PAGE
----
Over the past 20 years, Togo has experienced several periods of socio-political and economic turmoil. Development aid sanctions placed on Togo in 1993 discouraged traditional aid donors and led to economic devastation, and poverty levels have subsequently risen over the last two decades.
Agriculture is the centerpiece of the Togo’s economy, but major structural difficulties, including low technical expertise and inadequate farming equipment and technologies, have limited agricultural production. Natural disasters have increased the country’s risk of severe food insecurity. In recent years, flash flooding has become more prevalent due to climate change; Northern Togo faced the worst floods in 10 years in 2007 and 2008, and the South (maritime region) was seriously hit in 2010.
Household food insecurity and undernutrition remain pressing concerns across the country, particularly in the northern regions. Nutrition data from a Standardized Monitoring and Assessment of Relief and Transitions survey conducted in 2012 confirms high rates of acute malnutrition, particularly in the north. The prevalence of acute malnutrition in the Savannah Region was recorded at 7.6 percent, compared to 4.9 percent nationwide. Chronic malnutrition, recorded at 36 percent in the region, is similarly well above national levels (28 percent).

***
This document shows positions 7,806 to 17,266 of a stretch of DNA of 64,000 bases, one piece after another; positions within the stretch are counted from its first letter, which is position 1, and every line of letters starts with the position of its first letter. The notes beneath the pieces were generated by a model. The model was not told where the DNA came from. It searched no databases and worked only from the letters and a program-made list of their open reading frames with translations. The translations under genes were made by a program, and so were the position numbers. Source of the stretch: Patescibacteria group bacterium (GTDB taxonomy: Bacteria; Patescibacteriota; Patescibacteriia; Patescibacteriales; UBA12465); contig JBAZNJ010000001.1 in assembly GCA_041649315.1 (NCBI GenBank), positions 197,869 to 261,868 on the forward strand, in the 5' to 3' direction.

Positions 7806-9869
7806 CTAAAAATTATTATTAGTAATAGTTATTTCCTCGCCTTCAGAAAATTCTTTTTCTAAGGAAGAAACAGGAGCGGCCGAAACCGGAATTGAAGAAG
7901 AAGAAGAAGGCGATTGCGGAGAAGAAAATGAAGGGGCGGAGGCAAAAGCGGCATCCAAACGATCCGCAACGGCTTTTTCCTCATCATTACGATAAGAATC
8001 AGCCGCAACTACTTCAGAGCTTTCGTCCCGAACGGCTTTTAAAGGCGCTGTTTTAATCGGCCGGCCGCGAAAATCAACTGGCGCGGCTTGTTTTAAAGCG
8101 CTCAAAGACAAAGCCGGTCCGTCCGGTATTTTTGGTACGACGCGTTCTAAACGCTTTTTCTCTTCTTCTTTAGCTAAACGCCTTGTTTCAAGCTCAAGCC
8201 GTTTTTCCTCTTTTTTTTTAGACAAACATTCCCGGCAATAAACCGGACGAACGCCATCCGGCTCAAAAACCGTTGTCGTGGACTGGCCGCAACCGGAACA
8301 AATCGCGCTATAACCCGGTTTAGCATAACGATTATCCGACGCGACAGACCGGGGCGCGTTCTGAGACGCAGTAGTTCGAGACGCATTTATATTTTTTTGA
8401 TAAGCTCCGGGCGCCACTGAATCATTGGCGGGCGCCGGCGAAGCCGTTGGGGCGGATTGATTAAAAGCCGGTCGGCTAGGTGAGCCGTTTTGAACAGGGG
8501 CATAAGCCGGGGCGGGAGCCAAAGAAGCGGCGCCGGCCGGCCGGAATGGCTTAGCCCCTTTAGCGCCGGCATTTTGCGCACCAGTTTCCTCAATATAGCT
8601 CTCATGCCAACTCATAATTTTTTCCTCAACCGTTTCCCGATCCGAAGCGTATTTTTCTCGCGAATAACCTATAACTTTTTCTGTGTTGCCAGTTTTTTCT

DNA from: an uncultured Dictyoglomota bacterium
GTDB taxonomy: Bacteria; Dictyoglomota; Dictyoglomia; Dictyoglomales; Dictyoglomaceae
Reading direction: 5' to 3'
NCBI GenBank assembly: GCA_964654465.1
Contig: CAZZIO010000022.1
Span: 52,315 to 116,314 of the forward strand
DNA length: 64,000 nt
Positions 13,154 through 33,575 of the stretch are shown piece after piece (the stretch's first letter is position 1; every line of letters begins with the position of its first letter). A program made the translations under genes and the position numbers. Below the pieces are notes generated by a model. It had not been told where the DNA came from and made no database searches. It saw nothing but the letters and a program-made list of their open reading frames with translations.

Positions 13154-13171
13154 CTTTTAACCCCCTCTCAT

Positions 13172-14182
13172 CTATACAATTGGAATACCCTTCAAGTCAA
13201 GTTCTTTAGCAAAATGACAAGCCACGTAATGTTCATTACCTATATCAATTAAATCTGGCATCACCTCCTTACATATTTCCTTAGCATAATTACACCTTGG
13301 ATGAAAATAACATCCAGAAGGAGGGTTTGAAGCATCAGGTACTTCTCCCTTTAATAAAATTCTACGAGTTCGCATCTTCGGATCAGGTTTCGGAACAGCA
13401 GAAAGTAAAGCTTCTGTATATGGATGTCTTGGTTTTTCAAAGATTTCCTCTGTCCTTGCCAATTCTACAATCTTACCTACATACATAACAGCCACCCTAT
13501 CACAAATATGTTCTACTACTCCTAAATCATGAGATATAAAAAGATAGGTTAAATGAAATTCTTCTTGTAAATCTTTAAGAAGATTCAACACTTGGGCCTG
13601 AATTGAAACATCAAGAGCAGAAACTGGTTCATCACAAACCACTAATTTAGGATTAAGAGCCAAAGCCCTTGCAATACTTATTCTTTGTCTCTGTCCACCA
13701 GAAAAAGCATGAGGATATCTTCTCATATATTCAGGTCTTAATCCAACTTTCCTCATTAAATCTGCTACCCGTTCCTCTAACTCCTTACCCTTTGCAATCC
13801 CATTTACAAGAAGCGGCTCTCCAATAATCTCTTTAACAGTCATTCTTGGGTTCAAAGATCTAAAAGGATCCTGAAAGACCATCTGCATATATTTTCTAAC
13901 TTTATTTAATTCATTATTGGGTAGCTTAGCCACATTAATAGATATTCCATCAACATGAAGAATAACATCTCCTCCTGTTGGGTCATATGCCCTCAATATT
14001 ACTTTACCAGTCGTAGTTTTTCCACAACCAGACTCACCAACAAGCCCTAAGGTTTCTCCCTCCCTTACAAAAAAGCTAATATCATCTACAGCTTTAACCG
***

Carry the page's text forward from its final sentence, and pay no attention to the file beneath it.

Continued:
Togo is a least-developed, food-deficit country— ranked 159 out of 186 in the 2012 UNDP Human Development Index (HDI)—with a population of about 5.8 million, according to the 2010 census.